The Guthrie: More open than everby Marianne Combs, Minnesota Public Radio
The Guthrie Theater's new home on the Minneapolis riverfront welcomes the public through its doors for the first time.
Minneapolis, Minn. — Guthrie Artistic Director Joe Dowling was greeted with a standing ovation when he walked onto one of the complex's three stages and welcomed the public.
"Thank you so much for that wonderful welcome," said Dowling. "I hope you are enjoying our first full public day here at the New Guthrie, and have the opportunity to explore all the various facets of this new theater complex."
Dowling spoke warmly of founder Sir Tyrone Guthrie, and even read from Guthrie's journals which recounted his search for a home for his regional theater company. Guthrie wrote that it was the Mississippi River which led his team to choose the Twin Cities over six other locations.
"'Eventually, the Twin Cities will realize that their river can be and ought to be a wonderful and life giving amenity,'" read Dowling. "'It has taken 2000 years even to begin to appreciate this about the Thames. Perhaps it is not unreasonable to expect that the Twin Cities will make the most out of the Mississippi in a mere hundred.' Well, ladies and gentlemen, it has taken half of that mere hundred, but here we are."
Dowling says now that the Guthrie has a large, state-of-the-art home it will look again at becoming a repertory theater, playing multiple shows in tandem. He also wants to see the Guthrie expand its tours to become a regular player on the international theater scene.
Dowling says just as Sir Tyrone Guthrie's vision significantly influenced the development of American theater in the second half of the 20th century, the new Guthrie Theater has the opportunity to play a major role in American theater of the 21st century.
"I believe that the American resident theater movement, which was founded here in the Twin Cities with the birth of the Guthrie, now stretches from sea to shining sea in theaters all around the country. But it lacks a center," said Dowling, "it lacks somewhere that can call itself a national center of theater art and theater education. And that is what we aim to become."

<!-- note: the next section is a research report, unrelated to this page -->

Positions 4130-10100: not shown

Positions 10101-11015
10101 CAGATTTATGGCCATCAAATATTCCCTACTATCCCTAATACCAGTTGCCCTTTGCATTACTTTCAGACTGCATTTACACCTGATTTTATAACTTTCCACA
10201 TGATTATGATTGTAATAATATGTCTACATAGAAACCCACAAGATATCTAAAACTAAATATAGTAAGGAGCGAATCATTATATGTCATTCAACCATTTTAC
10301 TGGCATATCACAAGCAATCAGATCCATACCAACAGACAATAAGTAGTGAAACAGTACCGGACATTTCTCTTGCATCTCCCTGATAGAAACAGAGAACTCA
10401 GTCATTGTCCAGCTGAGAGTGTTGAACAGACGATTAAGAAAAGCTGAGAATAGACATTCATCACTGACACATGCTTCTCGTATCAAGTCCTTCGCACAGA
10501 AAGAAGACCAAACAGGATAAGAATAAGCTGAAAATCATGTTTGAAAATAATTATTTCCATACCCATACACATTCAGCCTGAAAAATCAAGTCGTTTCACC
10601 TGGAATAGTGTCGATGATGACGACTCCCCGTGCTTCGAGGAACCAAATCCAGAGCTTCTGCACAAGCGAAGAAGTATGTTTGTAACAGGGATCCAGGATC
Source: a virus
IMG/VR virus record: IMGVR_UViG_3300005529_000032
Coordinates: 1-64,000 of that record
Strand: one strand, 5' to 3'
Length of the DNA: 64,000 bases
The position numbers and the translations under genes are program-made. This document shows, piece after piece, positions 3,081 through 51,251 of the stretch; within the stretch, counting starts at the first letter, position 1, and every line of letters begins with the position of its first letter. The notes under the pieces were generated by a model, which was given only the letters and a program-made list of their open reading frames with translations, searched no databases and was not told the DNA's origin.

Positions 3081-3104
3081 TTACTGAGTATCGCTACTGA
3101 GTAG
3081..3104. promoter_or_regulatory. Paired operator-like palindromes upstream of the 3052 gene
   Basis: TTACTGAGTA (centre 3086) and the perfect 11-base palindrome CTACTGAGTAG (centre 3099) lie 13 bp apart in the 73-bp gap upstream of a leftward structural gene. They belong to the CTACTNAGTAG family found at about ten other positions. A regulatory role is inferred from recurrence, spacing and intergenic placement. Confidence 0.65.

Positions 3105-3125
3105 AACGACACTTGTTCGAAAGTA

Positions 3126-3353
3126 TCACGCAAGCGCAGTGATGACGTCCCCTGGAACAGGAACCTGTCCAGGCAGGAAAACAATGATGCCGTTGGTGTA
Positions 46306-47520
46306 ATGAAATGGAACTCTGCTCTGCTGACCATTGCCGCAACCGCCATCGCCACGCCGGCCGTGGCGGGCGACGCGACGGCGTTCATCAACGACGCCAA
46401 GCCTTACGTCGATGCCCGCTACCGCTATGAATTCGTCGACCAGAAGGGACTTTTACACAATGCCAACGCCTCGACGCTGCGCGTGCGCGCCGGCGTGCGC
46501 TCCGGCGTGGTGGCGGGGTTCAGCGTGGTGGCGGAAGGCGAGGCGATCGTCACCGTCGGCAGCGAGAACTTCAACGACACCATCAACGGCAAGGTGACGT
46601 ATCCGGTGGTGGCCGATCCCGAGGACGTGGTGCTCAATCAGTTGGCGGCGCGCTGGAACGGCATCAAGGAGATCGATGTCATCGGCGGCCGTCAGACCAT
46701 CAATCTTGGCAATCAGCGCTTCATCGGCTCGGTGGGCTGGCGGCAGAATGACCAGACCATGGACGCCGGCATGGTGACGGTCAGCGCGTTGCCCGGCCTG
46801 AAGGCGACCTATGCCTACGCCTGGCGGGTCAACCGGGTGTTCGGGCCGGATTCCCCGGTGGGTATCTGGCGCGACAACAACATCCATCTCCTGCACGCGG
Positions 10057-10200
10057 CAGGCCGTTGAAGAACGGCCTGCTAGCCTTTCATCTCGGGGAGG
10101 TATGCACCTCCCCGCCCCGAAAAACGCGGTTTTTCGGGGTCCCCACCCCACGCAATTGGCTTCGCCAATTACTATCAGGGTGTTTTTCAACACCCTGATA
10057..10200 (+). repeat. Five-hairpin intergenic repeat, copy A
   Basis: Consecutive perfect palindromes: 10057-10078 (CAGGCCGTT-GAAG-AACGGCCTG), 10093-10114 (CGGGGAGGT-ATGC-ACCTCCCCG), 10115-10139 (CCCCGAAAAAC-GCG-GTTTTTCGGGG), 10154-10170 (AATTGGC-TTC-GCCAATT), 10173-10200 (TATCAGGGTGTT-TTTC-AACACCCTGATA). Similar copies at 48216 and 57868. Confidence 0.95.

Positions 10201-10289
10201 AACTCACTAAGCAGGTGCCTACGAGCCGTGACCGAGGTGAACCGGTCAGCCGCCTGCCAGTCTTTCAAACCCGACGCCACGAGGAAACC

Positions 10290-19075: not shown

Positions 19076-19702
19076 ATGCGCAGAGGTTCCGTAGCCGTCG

Just outside the thrust theater, thousands of people mill through the hallways, stopping to admire the views out the many windows, or to peer at pictures from past performances. Lydia McInerny says she loves all the ghostly images of actors that are imprinted on the walls, the ceilings, and the exterior of the building.
"It's just different from other buildings, it's really making a statement," she says. "Most things blend in. This definitely does not blend in to the landscape."
When asked if she thinks the building might become dated after a few years, McInerny says she thinks, instead, it will take a few years for other buildings to catch up to the Guthrie.
McInerny's friends Barbara Natoli and Fred Kohout are visiting from Boston. They admire the modern look of the building, and the view of the locks and dams from the Guthrie's cantilever bridge.
"In Boston we have a lot of theaters. It's a cultural center as well as Minneapolis. [In terms of the Guthrie] I'm not sure what might be equivalent," says Natoli. "Nothing comes to mind right away."
"Nothing this modern looking," adds Kohout. "You don't find anything like this in Boston, I don't think."
Reviews of patrons are decidedly positive, although Mary Jane Anderson of White Bear Lake admits when she first saw the new Guthrie theater, she thought it was ugly. But she says she's warmed up to it.
"What I like about it is that it's a social hangout, so to speak," says Anderson. "So people don't necessarily have to come to see a performance, but they're here for more social aspects."
Anderson catches an elevator up to the ninth floor, home to the Guthrie's black box theater. Today, aspiring actors participating in this summer's Guthrie Experience program are using the space for some improvisational warmup exercises.
The black box theater is situated just above four classrooms, which the Guthrie will use for teaching professional acting classes, as well as classes geared towards the enthusiastic amateur.
Someday that might be young Andy Reeves. Reeves has travelled with his family from Roseau for the opening. He stands in the ninth floor lobby on a plate of thick amber glass, where he can see down several stories below him, while above him is a skylight. French architect Jean Nouvel has managed to get his attention.
"It's incredible," says Reeves. "You can look down and up, and it's just amazing."
When asked if he plans to come back to the Guthrie, Reeves says he hopes so. Artistic Director Joe Dowling says the goal of the new Guthrie is not only to be a national center for theater, but to be a public source of pride that draws people in for the spectacular views, and convinces them to stay for the theater. If Reeves does come back, and goes with his family to see a show, the new Guthrie will be a success.
- Morning Edition, 06/26/2006, 7:24 a.m.